[0050] As shown in FIG. 2, apparatus 100 is a fan-like, compressible polyethylene or TPU
bilayer 101 enveloping multiple wedged foam or sponge strips 105. The number of sponge strips 105 is preferably five as illustrated in FIG. 2, however this number may be increased or decreased during apparatus manufacturing depending on the optimal sizes of the encased sponge strips. Specifically, if each of the foam strips is broadened, the number of strips would decrease, while a reduction in the surface area of each foam strip may necessitate increasing the number of strips. In any event, it is most preferable that the retracted and condensed apparatus be able to be withdrawn from the approximately less than 2 cm incision (109 in FIG. 1) through the tubing portion 107 as it exits the abdominal cavity.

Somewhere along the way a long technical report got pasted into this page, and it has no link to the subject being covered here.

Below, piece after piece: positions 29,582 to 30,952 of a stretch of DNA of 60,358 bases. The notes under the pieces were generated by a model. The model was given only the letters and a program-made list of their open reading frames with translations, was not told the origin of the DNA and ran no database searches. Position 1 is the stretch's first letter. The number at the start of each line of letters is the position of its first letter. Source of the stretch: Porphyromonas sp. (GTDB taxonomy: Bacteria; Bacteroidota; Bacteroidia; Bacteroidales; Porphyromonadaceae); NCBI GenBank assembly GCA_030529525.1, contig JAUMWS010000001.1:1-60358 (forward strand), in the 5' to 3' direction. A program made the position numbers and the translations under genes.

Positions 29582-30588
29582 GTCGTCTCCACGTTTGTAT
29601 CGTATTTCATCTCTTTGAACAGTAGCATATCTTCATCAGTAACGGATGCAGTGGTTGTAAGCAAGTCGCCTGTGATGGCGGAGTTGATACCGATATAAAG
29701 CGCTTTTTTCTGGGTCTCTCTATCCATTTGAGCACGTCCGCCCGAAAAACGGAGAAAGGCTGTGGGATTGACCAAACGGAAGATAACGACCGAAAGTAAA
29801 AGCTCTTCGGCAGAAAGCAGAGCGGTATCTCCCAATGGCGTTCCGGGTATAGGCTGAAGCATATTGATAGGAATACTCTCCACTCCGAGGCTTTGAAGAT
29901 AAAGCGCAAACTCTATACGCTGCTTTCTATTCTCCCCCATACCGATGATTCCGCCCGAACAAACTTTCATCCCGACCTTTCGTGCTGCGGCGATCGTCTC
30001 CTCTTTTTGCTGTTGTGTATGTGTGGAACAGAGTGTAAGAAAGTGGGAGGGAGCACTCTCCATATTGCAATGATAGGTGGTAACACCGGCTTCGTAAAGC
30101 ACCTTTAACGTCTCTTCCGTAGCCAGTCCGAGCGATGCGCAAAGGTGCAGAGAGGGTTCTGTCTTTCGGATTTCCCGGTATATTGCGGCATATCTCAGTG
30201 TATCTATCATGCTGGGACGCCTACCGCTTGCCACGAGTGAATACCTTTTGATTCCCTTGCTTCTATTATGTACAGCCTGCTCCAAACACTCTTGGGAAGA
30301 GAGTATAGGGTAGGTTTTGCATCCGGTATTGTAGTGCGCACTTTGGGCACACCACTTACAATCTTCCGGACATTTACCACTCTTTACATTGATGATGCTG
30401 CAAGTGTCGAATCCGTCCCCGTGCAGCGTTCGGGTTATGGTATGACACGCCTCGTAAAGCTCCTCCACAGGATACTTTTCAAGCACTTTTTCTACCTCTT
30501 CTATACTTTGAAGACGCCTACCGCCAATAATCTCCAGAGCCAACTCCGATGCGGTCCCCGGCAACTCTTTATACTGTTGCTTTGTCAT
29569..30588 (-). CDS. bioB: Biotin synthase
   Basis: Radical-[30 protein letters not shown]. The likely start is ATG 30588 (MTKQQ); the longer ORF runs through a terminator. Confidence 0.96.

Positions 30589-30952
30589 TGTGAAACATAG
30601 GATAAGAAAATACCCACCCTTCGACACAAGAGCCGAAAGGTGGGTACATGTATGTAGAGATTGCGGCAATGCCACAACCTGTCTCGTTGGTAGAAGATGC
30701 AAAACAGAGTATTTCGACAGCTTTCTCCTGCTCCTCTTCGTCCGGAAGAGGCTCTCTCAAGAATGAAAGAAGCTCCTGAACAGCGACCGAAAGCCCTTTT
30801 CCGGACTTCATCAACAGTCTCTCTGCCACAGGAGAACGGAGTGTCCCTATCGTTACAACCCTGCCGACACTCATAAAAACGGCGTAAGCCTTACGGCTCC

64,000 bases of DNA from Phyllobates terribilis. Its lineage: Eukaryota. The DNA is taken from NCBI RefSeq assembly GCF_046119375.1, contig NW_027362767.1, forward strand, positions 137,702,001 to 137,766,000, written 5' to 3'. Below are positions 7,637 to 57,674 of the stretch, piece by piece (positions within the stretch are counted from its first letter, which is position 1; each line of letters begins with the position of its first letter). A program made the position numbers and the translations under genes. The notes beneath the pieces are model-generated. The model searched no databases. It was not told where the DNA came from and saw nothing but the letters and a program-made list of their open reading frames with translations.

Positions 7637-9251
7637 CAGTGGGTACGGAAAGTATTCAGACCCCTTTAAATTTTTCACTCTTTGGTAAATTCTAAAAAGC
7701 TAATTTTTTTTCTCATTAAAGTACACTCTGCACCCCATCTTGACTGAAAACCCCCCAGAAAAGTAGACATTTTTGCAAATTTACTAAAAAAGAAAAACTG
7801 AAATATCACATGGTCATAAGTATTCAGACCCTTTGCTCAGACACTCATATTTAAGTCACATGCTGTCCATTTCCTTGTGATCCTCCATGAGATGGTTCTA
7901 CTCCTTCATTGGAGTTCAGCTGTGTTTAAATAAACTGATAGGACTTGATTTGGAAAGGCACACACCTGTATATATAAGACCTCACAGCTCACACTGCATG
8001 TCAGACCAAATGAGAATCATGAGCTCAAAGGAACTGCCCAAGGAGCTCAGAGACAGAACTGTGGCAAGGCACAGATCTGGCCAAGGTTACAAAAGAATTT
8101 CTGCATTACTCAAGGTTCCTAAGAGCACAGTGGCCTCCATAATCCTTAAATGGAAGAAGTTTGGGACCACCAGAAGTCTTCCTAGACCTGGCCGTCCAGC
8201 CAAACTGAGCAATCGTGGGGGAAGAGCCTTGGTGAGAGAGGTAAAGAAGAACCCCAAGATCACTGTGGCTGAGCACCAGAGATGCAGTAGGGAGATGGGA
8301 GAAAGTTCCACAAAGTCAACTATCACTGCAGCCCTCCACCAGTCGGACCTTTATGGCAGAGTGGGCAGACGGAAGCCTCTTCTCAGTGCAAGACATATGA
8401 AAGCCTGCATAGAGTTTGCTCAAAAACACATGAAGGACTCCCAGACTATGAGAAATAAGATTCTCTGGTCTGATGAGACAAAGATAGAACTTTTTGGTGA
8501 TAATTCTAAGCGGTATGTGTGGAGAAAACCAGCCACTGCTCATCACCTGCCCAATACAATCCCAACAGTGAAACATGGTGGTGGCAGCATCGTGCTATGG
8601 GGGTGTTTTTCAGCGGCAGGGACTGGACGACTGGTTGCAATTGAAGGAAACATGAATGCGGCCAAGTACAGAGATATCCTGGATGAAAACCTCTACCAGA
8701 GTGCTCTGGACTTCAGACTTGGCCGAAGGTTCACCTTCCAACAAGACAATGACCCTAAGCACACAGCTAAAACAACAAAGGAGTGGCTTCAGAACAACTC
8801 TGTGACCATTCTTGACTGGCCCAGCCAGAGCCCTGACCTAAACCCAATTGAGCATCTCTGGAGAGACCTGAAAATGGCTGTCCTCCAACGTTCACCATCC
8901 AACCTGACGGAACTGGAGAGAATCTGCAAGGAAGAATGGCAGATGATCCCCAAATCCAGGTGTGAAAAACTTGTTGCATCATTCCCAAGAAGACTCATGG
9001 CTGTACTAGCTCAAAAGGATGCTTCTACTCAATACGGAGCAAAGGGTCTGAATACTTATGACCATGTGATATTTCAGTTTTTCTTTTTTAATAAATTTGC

[0051] There are randomly spaced perforations 102 on the polyethylene bilayer 101 as shown in FIG. 2. The number of perforations on the entire surface of the apparatus is variable. However, the perforations 102 are preferably sufficiently numerous and sufficiently scattered over the surface of the bilayer 101 as to cover the entirety of the bilayer in a manner such as that shown in FIG. 2, that is to say, such that the bilayer does not have large regions of its surface lacking any perforations 102. The shape and size of each perforation is also variable. In a preferred embodiment, each perforation is less than 0.3 cm.